The federal law regulating the movement of commercial items from state to state is the Carmack Amendment. It is a federal policy placing the burden of replacing lost, damaged, or stolen goods squarely on the shoulders of interstate carriers shipping those goods. It is an important law because it establishes a national policy to deal with these kinds of losses in a country where a large portion of our commerce is shipped interstate.
This is a straightforward national policy, and one that most trucking firms know and understand. But the applicability of the Carmack Amendment can become quite complex depending on the facts of a given situation. That is why every trucking company needs to have access to a law firm that knows how and when the Carmack Amendment applies.
Interstate Shipment or Intrastate
One such situation that can become complex is when the Carmack Amendment applies because a shipment is interstate and when state law applies because a shipment is intrastate (shipped within a single state). When a shipment is interstate and moves from one state to another, the Carmack Amendment applies. In these cases it also preempts and dismisses any cases based on state law because federal law is superior.
On the other hand, when a shipment moves within one state, state law will (typically apply). This means that loss of a shipment will bring a breach of contract claim, as well as claims grounded in negligence, bailment, and other. The crucial issue here, however, is not whether the goods physically move within one state; instead, the crucial issue is the intent of the shipper and carrier at the time a transportation contract is executed.
Intrastate Shipment Remains Under Carmack Liability
This was the lesson learned by a shipper out of California earlier in 2017. In that case, Sony Biotechnology v. Chipman Logistics and Relocation, the shipper paid to have an expensive piece of equipment shipped from Seattle, Washington to San Diego, California. Based on that fact, it was a clear cut case under the Carmack Amendment. But the plaintiffs made a claim that the equipment was actually damaged while under local shipment from a facility in San Diego to a local university.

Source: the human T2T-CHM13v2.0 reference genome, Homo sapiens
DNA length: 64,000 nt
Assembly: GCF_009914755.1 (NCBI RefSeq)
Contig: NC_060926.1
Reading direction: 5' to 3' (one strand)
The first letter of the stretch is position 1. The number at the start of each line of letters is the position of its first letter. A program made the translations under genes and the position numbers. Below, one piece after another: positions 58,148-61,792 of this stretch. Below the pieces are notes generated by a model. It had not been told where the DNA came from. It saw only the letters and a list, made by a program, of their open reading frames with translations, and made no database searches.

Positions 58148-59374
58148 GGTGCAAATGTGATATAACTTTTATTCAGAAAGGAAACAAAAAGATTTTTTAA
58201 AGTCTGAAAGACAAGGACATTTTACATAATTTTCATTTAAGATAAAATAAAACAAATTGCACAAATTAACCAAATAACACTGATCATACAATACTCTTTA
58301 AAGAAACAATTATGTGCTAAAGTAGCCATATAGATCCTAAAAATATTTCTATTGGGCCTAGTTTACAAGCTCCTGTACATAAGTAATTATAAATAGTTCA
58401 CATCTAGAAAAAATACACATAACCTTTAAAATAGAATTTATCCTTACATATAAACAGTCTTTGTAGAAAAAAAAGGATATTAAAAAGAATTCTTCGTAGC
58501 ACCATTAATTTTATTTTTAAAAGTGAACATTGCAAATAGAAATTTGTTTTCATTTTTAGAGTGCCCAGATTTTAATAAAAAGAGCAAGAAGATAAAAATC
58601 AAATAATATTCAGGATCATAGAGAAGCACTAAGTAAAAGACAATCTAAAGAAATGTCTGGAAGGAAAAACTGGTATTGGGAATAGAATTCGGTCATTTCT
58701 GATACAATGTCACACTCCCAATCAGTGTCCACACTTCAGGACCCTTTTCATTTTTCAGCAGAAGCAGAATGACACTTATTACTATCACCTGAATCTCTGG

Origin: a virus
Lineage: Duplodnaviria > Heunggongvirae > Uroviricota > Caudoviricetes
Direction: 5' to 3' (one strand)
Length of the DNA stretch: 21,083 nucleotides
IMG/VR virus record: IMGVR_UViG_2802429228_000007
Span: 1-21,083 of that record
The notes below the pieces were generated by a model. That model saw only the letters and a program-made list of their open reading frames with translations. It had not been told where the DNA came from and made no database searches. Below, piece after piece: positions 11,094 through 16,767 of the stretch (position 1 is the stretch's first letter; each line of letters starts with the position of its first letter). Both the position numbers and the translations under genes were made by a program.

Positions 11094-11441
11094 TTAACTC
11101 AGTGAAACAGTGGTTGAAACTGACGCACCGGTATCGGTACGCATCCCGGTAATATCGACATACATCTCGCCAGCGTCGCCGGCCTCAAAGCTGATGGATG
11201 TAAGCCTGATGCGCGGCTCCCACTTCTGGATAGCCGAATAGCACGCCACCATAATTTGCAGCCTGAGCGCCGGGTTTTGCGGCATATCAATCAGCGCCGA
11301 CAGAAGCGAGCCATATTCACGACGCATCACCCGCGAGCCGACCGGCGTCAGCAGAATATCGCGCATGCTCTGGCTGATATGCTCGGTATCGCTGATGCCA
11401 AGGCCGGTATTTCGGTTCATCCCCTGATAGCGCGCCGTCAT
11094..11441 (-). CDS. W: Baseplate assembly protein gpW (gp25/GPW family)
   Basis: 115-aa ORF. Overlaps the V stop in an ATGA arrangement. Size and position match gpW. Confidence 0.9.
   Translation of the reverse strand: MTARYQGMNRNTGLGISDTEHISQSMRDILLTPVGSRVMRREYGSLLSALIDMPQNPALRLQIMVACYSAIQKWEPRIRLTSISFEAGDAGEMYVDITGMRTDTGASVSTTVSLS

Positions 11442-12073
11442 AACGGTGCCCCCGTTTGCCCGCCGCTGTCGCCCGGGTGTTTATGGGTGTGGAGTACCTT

The plaintiffs in this case pled both Carmack Amendment claims and state law claims, should the court find that the equipment was damaged while traveling intrastate, from a local hub to the place of delivery. But the court dismissed the state law claims, ordering the Carmack Amendment to apply throughout the case, no matter where the damage occurred.
According to the court’s ruling, it did not matter where the goods were damaged for Carmack Amendment applicability. The court acknowledged several appeals court cases, which hold that for purposes of the Carmack Amendment, the intent of the parties at the time of a contract is what determines whether the shipment is interstate or intrastate (and therefore whether the Carmack Amendment or state law should apply). As a result, the state law claims were dismissed, and only federal law applied going forward.
Your Carmack Amendment Law Firm
Having access to a law firm focused on transportation law is key for any trucking company. At Anderson and Yamada we have decades of experience working with transportation companies of all sizes in Oregon, Washington, California, and the surrounding areas. As your company encounters a legal need, contact us. We look forward to hearing from you soon.